Prove that 15x^2 -7y^2=9 has no integer solutions.
I have understood a few steps
15x^2 -7y^2=9 => y=3y1 => 5x^2-21y^2=3 => x-3x1 => 15x1^2-7y1^2=1 =>y1^2=2 mod 3
But this contradiction how???
If there is any other way plz tell.
Thanx
Prove that 15x^2 -7y^2=9 has no integer solutions.
I have understood a few steps
15x^2 -7y^2=9 => y=3y1 => 5x^2-21y^2=3 => x-3x1 => 15x1^2-7y1^2=1 =>y1^2=2 mod 3
But this contradiction how???
If there is any other way plz tell.
Thanx
I'm sorry that's a little hard to make out, presumably what it says is that if $\displaystyle x,y$ were solutions then $\displaystyle 7y^2=9-15x^2\equiv 0\text{ mod }3$ and so $\displaystyle 3\mid \y^2$ but since $\displaystyle 3$ is prime and $\displaystyle 3\nmid 7$ we may conclude that $\displaystyle 3\mid y$ and so $\displaystyle y=3y'$ and so we must have that $\displaystyle 15x^2-63y'^2=9$ but in the same spirit we see that this implies $\displaystyle 9\mid 15x^2$ and so $\displaystyle 3\mid 5x^2$ and since $\displaystyle 3$ is prime and $\displaystyle 3\nmid$ we may conclude that $\displaystyle 3\mid x$ and so $\displaystyle x=3x'$ and so our equation becomes, after dividing both sides by $\displaystyle 9$, the following $\displaystyle 15x'^2-7y'^2=1$ but this says that $\displaystyle y'^2\equiv 7y'^2\equiv -1\equiv 2\text{ mod }3$ but it's evident that $\displaystyle 2$ isn't a quadratic residue $\displaystyle \text{ mod }3$/
Hello, Learner248!
I am puzzled, too.
Prove that: $\displaystyle 15x^2 -7y^2\:=\:9$ has no integer solutions.
I have understood a few steps
$\displaystyle 15x^2 -7y^2\:=\:9$
$\displaystyle y=3y_1 \quad\Rightarrow\quad 5x^2-21y^2\:=\:3$
$\displaystyle x-3x_1\quad\Rightarrow\quad 15x_1^2-7y_1^2\:=\:1$
$\displaystyle y_1^2\:=\:2\text{ (mod 3)}$
But this contradiction how?
If there is any other way, plz tell.
We have: .$\displaystyle 15x^2 - 7y^2 \:=\:9$
Since $\displaystyle 15x^2$ and $\displaystyle 9$ are multiples of 3,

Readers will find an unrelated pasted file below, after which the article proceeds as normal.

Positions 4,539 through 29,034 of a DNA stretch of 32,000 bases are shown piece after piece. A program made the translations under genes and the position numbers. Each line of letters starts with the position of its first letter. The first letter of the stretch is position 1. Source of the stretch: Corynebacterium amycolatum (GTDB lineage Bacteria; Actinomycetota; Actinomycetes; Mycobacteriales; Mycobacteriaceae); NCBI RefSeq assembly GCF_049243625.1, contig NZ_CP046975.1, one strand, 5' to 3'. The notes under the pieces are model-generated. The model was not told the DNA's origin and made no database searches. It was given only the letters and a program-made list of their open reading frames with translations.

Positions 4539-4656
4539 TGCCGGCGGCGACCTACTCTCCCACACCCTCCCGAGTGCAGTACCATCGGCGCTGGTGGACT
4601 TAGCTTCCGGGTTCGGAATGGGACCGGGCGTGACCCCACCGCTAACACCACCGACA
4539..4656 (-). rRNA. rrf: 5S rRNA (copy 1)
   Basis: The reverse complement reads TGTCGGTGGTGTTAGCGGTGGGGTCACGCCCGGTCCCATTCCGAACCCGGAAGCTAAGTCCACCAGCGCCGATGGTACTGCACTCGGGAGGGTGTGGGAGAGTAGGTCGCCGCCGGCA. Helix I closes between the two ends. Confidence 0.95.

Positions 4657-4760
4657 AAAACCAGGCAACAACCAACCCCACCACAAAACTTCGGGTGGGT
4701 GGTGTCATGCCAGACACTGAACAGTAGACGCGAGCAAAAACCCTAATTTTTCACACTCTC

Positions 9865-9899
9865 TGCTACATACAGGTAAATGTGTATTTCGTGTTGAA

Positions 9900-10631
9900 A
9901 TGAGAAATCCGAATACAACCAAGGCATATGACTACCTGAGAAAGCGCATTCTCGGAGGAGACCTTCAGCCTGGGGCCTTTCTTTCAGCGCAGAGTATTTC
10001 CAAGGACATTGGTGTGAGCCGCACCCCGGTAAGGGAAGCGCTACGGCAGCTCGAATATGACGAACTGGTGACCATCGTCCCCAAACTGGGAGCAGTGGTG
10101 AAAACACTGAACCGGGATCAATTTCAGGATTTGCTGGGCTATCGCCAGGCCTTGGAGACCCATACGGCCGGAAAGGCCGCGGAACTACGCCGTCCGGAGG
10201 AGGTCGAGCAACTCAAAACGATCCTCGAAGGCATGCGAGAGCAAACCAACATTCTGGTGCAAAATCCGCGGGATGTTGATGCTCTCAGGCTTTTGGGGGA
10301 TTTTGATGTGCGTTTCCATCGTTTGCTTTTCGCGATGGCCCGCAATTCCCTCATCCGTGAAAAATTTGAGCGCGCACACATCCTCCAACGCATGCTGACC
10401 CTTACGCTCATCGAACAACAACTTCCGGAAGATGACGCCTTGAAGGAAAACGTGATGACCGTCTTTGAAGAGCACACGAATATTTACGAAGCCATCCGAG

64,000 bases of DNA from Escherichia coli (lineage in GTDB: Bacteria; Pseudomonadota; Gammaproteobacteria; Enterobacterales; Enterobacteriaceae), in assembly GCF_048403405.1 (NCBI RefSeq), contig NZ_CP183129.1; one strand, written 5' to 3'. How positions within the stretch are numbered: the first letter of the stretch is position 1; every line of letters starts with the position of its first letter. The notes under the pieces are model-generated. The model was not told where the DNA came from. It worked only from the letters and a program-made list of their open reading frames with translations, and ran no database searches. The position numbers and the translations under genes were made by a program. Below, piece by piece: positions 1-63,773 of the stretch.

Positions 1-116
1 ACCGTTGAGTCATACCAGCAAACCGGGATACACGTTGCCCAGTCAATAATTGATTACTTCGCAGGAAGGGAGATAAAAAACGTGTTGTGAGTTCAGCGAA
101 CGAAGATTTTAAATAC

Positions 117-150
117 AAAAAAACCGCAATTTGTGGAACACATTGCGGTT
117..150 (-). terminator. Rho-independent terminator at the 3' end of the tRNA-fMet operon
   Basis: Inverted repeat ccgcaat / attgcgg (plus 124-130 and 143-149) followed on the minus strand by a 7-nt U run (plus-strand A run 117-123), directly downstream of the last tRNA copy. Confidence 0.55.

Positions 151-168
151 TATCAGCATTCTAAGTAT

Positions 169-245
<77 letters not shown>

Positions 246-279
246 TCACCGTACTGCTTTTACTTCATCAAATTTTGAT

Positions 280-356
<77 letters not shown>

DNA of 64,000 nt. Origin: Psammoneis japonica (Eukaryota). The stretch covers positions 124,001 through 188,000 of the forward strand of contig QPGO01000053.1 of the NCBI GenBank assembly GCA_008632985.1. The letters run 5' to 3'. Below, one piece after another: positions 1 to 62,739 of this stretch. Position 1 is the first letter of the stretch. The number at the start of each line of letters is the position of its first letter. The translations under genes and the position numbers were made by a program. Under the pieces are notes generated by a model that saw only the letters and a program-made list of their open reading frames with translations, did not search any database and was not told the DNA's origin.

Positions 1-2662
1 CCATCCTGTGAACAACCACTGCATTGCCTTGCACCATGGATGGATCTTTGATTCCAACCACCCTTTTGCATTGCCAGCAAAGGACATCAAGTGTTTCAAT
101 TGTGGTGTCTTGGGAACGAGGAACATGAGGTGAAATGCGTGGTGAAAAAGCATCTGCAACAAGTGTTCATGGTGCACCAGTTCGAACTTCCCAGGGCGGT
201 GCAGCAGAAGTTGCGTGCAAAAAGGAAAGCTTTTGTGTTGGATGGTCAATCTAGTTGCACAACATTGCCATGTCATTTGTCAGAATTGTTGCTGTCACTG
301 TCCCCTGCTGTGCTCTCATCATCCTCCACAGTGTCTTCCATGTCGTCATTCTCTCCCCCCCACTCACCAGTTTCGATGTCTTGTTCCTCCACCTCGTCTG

. . then $\displaystyle 7y^2$ must be a multiple of 3.
Hence, $\displaystyle y$ is a multiple of 3: .$\displaystyle y \:=\:3y_1$
The equation becomes: .$\displaystyle 15x^2 - 7(3y_1)^2 \:=\:9 \quad\Rightarrow\quad 15x^2 - 63y_1^2 \:=\:9$
. . Divide by 3: .$\displaystyle 5x^2 - 21y_1^2 \:=\:3$
Since $\displaystyle 21y_1^2$ and $\displaystyle 3$ are multiples of 3,
. . then $\displaystyle 5x^2$ must be a multiple of 3.
Hence, $\displaystyle x$ is a multiple of 3: .$\displaystyle x \:=\:3x_1$
The equation becomes: .$\displaystyle 5(3x_1)^2 - 21y_1^2 \:=\:3 \quad\Rightarrow\quad 45x_1^2 - 21y_1^2 \:=\:3$
. . Divide by 3: .$\displaystyle 15x_1^2 - 7y_1^2 \:=\:1$
And I have no idea where they got: $\displaystyle y_1^2 = 2\text{ (mod 3)}$
. . It doesn't seem to be true.
I think I can finish the proof . . .
We have: .$\displaystyle 15x_1^2 - 7y_1^2 \:=\:1$
Then: .$\displaystyle y_1^2 \:=\:\frac{15x_1^2-1}{7} \quad\Rightarrow\quad y_1^2 \:=\:2x_1^2 + \frac{x_1^2-1}{7}$ .[1]
Since $\displaystyle y_1^2$ is an integer, then $\displaystyle x_1^2-1$ must be a multiple of 7.
. . That is: .$\displaystyle x_1^2-1 \:=\:7k \quad\Rightarrow\quad x_1^2 \:=\:7k+1$
Substitute into [1]: .$\displaystyle y_1^2 \:=\:2(7k+1) + \frac{(7k+1)-1}{7} $
. . which simplfies to: .$\displaystyle y_1^2 \:=\:15k+2$
For integer values of $\displaystyle k,\:y_1^2$ will end in 2 or 7.
But squares must end in $\displaystyle \{0,1,4,5,6,9\}$
There is our contradiction!